After World War II, the British were no more generous with respect to immigration of Jewish refugees:
On June 6, 1946, President Truman urged the British government to relieve the suffering of the Jews confined to displaced persons camps in Europe by immediately accepting 100,000 Jewish immigrants. Britain's Foreign Minister, Ernest Bevin, replied sarcastically that the United States wanted displaced Jews to immigrate to Palestine "because they did not want too many of them in New York."
Most of the Jews that reached Palestine between 1945 and 1948 came illegally, and when caught by the British, were put in detention camps on Cyprus. The British detained approximately 50,000 Jewish refugees who tried to enter Palestine illegally.
It's also important to note that the overwhelming majority of these Jewish refugees trying to enter Palestine were not British. Rather, they were of every European nationality - French, German, Polish, Hungarian, Bulgarian, Russian, etc.
Consequently, it would be absurd to claim that Israel was a colonial outpost of Britain, the only nation that had any governmental authority over the region during the years leading up to Israel's creation. It would be just as absurd, if not more, to claim that Israel was a colonial outpost of any other European nation. Germany had just finished trying to slaughter the Jews of Europe. And none of the European nations had any warm, fuzzy feelings for Jews. They just wanted the Jews gone from Europe, and had no interest in sponsoring Israel as a colonial outpost. Probably the largest source of European immigrants to Israel was the Soviet Union and its satellites in Eastern Europe. It would be ludicrous, however, to claim that Israel was a colonial outpost of the Soviet Union. The reality was that the Soviet Union was busy persecuting its Jews, and simultaneously backing the very Arab states that were so hostile to Israel.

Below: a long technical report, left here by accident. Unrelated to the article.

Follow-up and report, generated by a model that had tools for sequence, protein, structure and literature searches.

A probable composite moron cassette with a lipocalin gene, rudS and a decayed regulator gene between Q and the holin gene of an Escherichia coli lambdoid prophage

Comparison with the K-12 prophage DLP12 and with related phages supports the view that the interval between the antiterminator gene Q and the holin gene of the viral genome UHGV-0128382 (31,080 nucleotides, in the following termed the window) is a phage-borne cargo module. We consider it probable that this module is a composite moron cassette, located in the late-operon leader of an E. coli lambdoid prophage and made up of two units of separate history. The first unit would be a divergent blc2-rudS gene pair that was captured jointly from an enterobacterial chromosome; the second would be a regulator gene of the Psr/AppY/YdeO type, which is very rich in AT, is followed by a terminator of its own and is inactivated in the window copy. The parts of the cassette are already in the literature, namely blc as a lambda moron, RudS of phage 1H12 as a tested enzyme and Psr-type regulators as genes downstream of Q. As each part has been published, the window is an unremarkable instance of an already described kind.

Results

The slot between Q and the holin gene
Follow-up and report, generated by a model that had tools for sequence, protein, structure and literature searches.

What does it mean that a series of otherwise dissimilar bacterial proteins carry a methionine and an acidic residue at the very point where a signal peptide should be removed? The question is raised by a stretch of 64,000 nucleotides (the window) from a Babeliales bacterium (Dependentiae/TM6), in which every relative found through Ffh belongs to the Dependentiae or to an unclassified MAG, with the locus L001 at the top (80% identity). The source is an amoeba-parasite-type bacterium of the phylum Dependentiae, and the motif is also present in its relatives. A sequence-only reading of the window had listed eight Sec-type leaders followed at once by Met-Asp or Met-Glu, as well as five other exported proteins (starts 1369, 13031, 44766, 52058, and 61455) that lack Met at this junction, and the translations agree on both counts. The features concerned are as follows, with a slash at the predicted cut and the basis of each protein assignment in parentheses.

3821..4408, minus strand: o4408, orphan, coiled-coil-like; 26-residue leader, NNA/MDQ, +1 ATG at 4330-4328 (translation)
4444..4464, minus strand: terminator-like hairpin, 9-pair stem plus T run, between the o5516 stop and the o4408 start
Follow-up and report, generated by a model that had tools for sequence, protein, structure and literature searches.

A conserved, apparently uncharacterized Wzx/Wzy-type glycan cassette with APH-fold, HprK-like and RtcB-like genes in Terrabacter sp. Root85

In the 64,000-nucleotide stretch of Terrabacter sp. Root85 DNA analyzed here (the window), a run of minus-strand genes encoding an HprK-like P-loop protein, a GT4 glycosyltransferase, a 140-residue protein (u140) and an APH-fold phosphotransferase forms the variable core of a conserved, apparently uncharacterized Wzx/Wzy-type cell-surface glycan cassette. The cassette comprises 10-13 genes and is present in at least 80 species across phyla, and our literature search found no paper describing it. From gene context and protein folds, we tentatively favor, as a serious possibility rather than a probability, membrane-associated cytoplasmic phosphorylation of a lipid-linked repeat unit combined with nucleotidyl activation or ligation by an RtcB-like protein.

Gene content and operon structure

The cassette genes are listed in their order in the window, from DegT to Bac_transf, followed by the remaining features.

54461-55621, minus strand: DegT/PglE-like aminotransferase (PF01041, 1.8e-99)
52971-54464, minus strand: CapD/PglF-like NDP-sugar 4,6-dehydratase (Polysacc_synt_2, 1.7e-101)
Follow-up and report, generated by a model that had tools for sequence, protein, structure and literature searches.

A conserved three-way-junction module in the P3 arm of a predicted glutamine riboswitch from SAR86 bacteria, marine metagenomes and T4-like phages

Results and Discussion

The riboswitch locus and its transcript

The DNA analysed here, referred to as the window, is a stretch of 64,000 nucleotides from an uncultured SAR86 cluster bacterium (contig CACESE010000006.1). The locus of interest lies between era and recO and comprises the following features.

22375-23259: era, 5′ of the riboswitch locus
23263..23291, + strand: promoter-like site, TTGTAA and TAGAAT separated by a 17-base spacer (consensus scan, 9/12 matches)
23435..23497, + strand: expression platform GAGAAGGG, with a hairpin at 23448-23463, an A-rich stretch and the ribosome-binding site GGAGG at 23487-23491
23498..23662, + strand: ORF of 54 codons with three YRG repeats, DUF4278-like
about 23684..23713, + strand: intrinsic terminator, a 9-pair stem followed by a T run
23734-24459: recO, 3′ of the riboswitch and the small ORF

It's also useful to take a look at the Israeli population and how it changed after the founding of Israel. Between 1948 and 1995, only 71,480 Americans immigrated to Israel. Only 26,000 came from the UK. By contrast, between 800,000 and 1 million Jews came from Arab and non-Arab Muslim countries between 1948 and the early 1970s. These were the Jews who were ethnically cleansed by the Arab and Muslim nations following the creation of Israel - stripped of their lands and property, deprived of jobs, and expelled either overtly or implicitly. They weren't the Ashkenazim of Europe, they were Mizrahim and Sephardim. They didn't speak English, or French, or German, or Russian, or even Yiddish or Hebrew. They spoke Arabic or Farsi. By 2002, almost half of Israel's population had its origin in Arab or non-Arab Muslim countries. But you never see the Israel-critics on the left mentioning this Arab/Muslim ethnic-cleansing of the Jews, nor does anyone assert that Israel, by its population, might be a colonial outpost of the Arab/Muslim nations.